The interface is spotless for the most part, with menus hardly being a problem, even if the game's clock is a little slow. There's also a fully-explorable world map where players, like in the second game, must "search" for new locations to appear. It's a bit odd, for instance, to have to "search" for a tower anyone could see miles away, although the system isn't bad as long as you know where to go next, and there are even a lot of hidden goodies on the world map. Still, if you miss certain dialogue, it can be easy to forget where to go next, although sometimes, talking around towns can sometimes point you back in the right direction.

   Getting through dungeons, moreover, requires the use of tools, with each character able to gain up to three. Tools are sometimes necessary to solve the many puzzles typically found in dungeons, which are actually pretty good for the most part, though there are maybe two or three that really stumped me during the whole game. Overall, aside from the issue with finding out how to advance the game, interaction is largely solid.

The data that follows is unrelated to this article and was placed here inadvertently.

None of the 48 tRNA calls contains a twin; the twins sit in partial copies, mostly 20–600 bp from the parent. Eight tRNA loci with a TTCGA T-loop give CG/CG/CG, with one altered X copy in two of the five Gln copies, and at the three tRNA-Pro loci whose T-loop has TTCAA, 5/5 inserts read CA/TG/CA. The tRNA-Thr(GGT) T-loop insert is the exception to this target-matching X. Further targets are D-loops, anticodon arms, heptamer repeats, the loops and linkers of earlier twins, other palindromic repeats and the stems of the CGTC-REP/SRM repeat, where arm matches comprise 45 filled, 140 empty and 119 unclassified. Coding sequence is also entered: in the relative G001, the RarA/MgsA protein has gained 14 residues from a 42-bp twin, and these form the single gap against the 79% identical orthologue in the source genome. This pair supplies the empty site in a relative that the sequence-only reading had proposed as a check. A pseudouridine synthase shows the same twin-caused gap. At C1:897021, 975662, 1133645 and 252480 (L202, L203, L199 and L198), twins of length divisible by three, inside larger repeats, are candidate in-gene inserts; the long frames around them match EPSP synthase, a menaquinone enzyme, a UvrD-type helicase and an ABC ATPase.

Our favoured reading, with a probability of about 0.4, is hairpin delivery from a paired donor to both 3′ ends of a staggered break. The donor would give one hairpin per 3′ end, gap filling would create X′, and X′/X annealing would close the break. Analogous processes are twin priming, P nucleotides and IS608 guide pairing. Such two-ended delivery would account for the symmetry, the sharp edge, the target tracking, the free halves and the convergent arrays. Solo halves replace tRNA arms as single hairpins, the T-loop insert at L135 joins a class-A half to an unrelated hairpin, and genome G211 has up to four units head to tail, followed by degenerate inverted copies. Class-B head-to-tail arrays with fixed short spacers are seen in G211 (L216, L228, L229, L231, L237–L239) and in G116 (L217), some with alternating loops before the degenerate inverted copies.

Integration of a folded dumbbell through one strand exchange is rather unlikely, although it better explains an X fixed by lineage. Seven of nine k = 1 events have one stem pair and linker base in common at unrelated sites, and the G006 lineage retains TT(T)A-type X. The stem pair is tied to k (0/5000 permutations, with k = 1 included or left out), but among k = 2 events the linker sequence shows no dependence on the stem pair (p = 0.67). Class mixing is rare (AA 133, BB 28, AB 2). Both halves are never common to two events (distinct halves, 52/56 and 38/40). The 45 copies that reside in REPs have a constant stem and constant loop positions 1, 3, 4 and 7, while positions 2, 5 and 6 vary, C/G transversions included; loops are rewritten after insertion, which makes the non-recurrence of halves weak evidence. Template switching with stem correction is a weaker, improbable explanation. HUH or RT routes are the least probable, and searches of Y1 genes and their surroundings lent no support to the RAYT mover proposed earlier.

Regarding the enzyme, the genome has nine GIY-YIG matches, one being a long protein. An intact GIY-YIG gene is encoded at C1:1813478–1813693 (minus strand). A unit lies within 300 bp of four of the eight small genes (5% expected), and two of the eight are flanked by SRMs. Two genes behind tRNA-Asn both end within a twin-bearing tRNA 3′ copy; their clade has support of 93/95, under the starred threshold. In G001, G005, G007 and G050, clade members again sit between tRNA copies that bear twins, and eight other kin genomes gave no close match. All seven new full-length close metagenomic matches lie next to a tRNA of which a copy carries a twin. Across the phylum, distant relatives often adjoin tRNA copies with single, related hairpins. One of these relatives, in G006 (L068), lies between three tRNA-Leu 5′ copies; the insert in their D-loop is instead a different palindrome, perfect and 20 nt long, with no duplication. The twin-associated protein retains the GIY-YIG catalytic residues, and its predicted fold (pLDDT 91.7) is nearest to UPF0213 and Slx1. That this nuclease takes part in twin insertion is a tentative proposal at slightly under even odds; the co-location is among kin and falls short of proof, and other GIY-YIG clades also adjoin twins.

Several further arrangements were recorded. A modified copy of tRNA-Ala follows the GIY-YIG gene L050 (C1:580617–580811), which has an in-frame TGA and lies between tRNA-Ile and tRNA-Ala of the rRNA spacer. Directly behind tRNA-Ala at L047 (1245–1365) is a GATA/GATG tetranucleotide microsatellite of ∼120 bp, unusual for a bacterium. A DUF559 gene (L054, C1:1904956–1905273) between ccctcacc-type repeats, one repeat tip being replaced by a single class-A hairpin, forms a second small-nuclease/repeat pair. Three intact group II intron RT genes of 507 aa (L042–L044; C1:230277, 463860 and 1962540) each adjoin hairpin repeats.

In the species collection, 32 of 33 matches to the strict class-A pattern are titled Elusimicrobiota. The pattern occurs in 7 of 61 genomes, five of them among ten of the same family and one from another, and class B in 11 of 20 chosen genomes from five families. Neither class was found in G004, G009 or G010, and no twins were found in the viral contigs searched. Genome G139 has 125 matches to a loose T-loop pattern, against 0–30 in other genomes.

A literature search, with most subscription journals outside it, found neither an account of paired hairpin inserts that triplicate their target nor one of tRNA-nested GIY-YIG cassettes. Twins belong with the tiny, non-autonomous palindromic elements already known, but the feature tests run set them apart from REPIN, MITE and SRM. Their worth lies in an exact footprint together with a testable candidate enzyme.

WA3 has plenty of features that make it feel like a logical continuation of its predecessors, such as the Force Points system, map search system from the second game, Filgaia, Personal Skills, Mediums, and so forth, although it has plenty of features, such as the many tweaks to combat, and a western feel that isn't an afterthought, which make it feel fresh.

And PETA got pissed Bringing home the bacon

   The story, though, is fairly barebones, though isn't without its strong points. Virginia and company's search for why Filgaia is in decline doesn't seem terribly urgent, and the story can really lose focus at times. There are some good twists and decent backstory for your party, some of the villains, and Filgaia itself, but otherwise, the plot isn't a major reason to buy the game.